“On sloping mounds, or in the vale beneath,
Are domes where whilom kings did make repair;
But now the wild flowers round them only breathe:
Yet ruined splendour still is lingering there.
And yonder towers the prince’s palace fair:
There thou, too, Vathek! England’s wealthiest son,
Once formed thy Paradise, as not aware
When wanton Wealth her mightiest deeds hath done,
Meek Peace voluptuous lures was ever wont to shun.”
Childe Harold’s Pilgrimage, by Lord Byron [Canto the First XXII]
I think the above verse applies to the beautiful palace and gardens of Monserrate. At least we were told in numerous books and leaflets that Lord Byron was smitten by Monserrate on his visit here in 1810 and reminisced about it in his poem ‘Childe Harold’s Pilgrimage’.
Monserrate was probably my favourite place of the whole trip. It had everything: a palace with a library, exotic gardens(but with an English Rose Garden), a tea house, British connections, literary connections and to top it all we visited in beautiful weather!
The Library as it is today
In the exotic gardens
The Tea House
“William Beckford ordered this waterfall to be constructed between 1794 and 1799. Beckford, a writer who enjoyed great fame at the end of the 18th C, visited Portugal and fell in love with Sintra, where he rented this property from Gerard de Visme.” [On a nearby information board]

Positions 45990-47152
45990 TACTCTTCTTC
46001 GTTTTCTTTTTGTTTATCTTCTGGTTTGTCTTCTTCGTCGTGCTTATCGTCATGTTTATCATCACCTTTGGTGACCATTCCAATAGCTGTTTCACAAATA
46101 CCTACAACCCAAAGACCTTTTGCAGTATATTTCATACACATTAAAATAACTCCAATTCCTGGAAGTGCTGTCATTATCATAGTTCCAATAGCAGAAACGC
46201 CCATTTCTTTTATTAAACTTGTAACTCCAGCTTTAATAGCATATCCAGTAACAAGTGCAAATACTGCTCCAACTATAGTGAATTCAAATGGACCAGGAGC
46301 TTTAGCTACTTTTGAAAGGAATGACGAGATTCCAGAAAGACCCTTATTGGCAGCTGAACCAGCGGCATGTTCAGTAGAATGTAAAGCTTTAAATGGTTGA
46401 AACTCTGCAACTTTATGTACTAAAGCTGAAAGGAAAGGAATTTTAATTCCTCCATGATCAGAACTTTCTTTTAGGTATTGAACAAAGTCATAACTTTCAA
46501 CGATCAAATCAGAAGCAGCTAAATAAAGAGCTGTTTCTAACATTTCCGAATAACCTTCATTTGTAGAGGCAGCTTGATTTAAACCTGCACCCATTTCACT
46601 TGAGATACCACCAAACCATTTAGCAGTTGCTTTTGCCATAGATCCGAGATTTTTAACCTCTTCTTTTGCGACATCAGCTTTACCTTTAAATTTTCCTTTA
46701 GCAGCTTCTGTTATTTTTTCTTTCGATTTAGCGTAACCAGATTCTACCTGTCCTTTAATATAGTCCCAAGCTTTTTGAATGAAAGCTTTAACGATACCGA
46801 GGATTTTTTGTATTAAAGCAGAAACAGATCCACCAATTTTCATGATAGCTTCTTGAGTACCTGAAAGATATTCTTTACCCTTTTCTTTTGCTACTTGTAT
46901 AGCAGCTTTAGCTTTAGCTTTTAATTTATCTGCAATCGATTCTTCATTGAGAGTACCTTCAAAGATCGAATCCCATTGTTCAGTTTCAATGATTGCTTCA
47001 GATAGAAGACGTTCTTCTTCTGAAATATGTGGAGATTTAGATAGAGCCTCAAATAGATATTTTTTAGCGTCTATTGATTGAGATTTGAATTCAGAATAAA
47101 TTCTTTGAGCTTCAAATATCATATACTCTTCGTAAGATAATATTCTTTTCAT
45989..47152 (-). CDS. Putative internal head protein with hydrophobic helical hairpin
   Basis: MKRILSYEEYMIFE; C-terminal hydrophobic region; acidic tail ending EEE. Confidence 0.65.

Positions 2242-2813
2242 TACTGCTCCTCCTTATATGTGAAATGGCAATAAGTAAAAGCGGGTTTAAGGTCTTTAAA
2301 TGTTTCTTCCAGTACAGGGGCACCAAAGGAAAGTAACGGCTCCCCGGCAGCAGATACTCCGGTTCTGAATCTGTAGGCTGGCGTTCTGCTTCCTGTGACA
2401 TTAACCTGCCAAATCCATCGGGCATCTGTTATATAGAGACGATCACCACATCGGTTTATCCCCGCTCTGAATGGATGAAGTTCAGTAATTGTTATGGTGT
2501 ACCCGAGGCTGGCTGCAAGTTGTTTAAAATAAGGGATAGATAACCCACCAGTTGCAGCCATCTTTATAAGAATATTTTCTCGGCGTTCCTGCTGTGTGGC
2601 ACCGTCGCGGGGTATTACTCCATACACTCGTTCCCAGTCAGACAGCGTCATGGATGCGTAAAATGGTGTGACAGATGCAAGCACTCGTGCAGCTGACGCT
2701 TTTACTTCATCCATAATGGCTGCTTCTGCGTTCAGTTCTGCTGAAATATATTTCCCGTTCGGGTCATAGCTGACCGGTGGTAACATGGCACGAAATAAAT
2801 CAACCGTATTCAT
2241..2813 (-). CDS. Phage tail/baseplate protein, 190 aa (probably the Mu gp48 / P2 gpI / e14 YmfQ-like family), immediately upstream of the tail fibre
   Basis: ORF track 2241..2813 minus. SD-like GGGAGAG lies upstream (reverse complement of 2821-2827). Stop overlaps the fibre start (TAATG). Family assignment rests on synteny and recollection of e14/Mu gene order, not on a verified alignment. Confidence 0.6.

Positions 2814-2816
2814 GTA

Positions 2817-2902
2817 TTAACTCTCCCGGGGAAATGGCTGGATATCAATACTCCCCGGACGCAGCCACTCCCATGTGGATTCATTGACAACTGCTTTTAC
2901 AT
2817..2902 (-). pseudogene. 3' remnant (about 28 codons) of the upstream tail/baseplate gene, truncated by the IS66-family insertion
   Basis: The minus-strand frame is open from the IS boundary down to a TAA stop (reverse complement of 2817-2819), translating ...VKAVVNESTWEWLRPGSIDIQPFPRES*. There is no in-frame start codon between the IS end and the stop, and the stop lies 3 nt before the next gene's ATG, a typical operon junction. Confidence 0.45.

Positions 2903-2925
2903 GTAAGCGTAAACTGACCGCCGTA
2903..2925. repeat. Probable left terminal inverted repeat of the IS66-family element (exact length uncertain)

“This arch was built by William Beckford … We think that it could represent the entrance of the property which, at the time, was not enclosed. Beckford wrote his most famous book, Vathek, an oriental tale, in 1786 before his first visit to Portugal. Vathek was the hero of the book which is considered by many to be somehow autobiographic” [From nearby Information Board]
Gerard de Visme an English merchant holding the concession to import Brazilian teak was responsible for the construction of the first palace. Later, William Beckford, writer, novelist, art critic and eccentric lived here. There’s a waterfall named for him and an arch for his most famous character; Vathek.
Sir Francis Cooke bought the property in 1856 and had it restored by the English architect James Knowles, who employed a thousand workmen. In the 1850s the artist William Stockdale created a botanic garden there with plants including rhododendrons from all over the world – Mexico, Australasia, Japan and the Himalayas.
Brass jugs in the kitchen – could be Below Stairs at any National Trust property!